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Honoring local heroes at Roanoke Avenue Elementary School

11/10/2018 6:00 AM |

“I’m very happy to say that I’m here,” said Brian Mooney, who served as Sgt. 1st Class in the Army for 25 years, as he spoke to a classroom of third-grade students. “I have to express myself in that manner, because I want you to know that a friend of mine didn’t make it. He didn’t come home.”

The classroom fell silent as students listened to Mr. Mooney address working with troops with post-traumatic stress disorder after the Vietnam War.

“One of the last assignments I had was to take care of 48 troops, and make sure they were OK,” he said. “Some people do have problems, and that’s when they come to me. And just like you go to your teachers with problems — it’s best to talk to them about it, instead of bottling it up.”

Roanoke Avenue Elementary School students honored local veterans in the classroom Friday by listening to the stories of four local veterans. Each of them — Mr. Mooney, Virginia Figueroa, Raul Valentin and Barry Gilmore — were connected to the district in some way, said third grade teacher Gary Karlson.

“[Mr. Mooney] is the crossing guard that helps them out every day, he has a really extensive Korean War background,” Mr. Karlson said. “Our district assistant director of special education, Ms. Figueroa, had a really extensive background in education before she got into the military.”

After the 20 minute lectures, students and staff ate lunch with the local “heroes.”

Mr. Karlson, whose worked in the district for 18 years, said he brought the “Heros with Heroes” event to Roanoke last year after looking through memorabilia with his father-in-law, Mr. Gilmore, who served in the Army.

“I asked if he could come in to the classroom one day,” Mr. Karlson said. “He just does a really special job with the kids, and I noticed they get more out of 20 minutes with him then they could get out of two weeks of me trying to teach what a veteran is.”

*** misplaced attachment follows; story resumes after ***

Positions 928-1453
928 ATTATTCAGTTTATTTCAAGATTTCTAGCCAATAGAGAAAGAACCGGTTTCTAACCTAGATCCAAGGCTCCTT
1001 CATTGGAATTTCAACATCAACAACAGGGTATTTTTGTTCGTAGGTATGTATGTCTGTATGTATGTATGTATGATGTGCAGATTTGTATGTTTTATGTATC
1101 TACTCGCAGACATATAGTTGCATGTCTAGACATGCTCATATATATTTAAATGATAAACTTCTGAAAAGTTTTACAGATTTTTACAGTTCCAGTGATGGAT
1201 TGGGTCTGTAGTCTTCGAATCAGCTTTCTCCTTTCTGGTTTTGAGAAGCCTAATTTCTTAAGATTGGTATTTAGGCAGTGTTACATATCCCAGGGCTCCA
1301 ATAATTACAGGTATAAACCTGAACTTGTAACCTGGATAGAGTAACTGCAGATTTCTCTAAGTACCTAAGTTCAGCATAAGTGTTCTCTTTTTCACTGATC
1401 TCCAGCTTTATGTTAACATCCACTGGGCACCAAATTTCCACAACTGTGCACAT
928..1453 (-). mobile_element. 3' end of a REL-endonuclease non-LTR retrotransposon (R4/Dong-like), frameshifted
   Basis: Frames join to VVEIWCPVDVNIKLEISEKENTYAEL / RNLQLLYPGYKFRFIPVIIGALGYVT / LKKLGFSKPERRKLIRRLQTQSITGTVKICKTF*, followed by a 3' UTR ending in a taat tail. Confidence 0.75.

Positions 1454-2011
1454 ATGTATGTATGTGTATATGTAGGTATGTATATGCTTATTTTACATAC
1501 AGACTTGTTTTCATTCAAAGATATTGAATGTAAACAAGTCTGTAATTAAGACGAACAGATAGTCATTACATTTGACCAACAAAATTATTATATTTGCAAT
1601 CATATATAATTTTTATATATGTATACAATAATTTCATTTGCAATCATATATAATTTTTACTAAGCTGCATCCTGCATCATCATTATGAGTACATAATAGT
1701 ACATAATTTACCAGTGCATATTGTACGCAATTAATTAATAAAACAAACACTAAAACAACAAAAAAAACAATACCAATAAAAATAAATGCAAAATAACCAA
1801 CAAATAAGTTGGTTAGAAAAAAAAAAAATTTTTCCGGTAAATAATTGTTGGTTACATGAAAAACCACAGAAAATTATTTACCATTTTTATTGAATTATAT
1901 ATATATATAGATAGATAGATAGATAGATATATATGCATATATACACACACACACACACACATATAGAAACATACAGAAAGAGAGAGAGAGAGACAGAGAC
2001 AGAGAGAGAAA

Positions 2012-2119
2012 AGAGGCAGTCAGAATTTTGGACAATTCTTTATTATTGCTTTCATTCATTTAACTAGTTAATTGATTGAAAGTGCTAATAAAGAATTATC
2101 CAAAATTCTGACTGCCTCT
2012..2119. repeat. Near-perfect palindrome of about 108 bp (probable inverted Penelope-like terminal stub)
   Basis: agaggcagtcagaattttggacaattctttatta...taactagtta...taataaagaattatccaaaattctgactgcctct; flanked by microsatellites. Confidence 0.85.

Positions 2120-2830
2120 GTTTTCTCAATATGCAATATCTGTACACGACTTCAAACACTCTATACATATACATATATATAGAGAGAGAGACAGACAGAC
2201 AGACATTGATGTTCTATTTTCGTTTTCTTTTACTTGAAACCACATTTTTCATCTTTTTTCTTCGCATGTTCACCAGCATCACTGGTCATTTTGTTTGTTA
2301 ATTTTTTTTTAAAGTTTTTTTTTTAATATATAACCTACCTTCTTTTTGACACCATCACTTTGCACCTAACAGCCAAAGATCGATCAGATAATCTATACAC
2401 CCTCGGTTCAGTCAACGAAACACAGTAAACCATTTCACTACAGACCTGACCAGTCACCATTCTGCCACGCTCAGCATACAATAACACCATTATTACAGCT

Brian Mooney was a Sgt. 1st Class in the Army. (Credit: Kate Nalepinski)

Ms. Figueroa, who worked in the Army Reserve, told the class that the Army allowed her to travel the globe after college. During the event, she told students about when she served in post-war Bosnia in 1995.

“By the time I went in, most of the fighting had stopped,” she said. “We were trying to help the country establish their government and bring people back to normal. It’s hard after what they’ve been through.”

A local parent who serves in the Coast Guard, Mr. Valentin spoke to kids about his experiences patrolling the Caribbean as Petty Officer First Class. He said being in the military takes a lot of courage.

“There were some really scary times,” he said after a student asked him how the military made him feel. “Once when I was on a vessel, there were huge waves, and the boat was rocking. I wasn’t sure if we were going to make it, but we did.”

Bringing the veterans to the classroom, Mr. Karlson said, teaches students about Veterans Day in a palpable way.

‘They’re worth celebrating. And, it just goes really nice with rounding out the education a little bit more, rather than printing out a couple of vocabulary words,” he said. “When they serve their country, they’re serving the community.”

Mr. Mooney said it’s crucial that kids learn about the time veterans have served.

“Young children need to learn about what older veterans have done so they have some idea what they might be facing in their near future themselves,” he said. “And not to be afraid of it, but just the accept it, and take the challenge on and do the best that they can.”

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Photo caption: Virginia Figueroa poses with a student at Friday’s event. (Credit: Kate Nalepinski)

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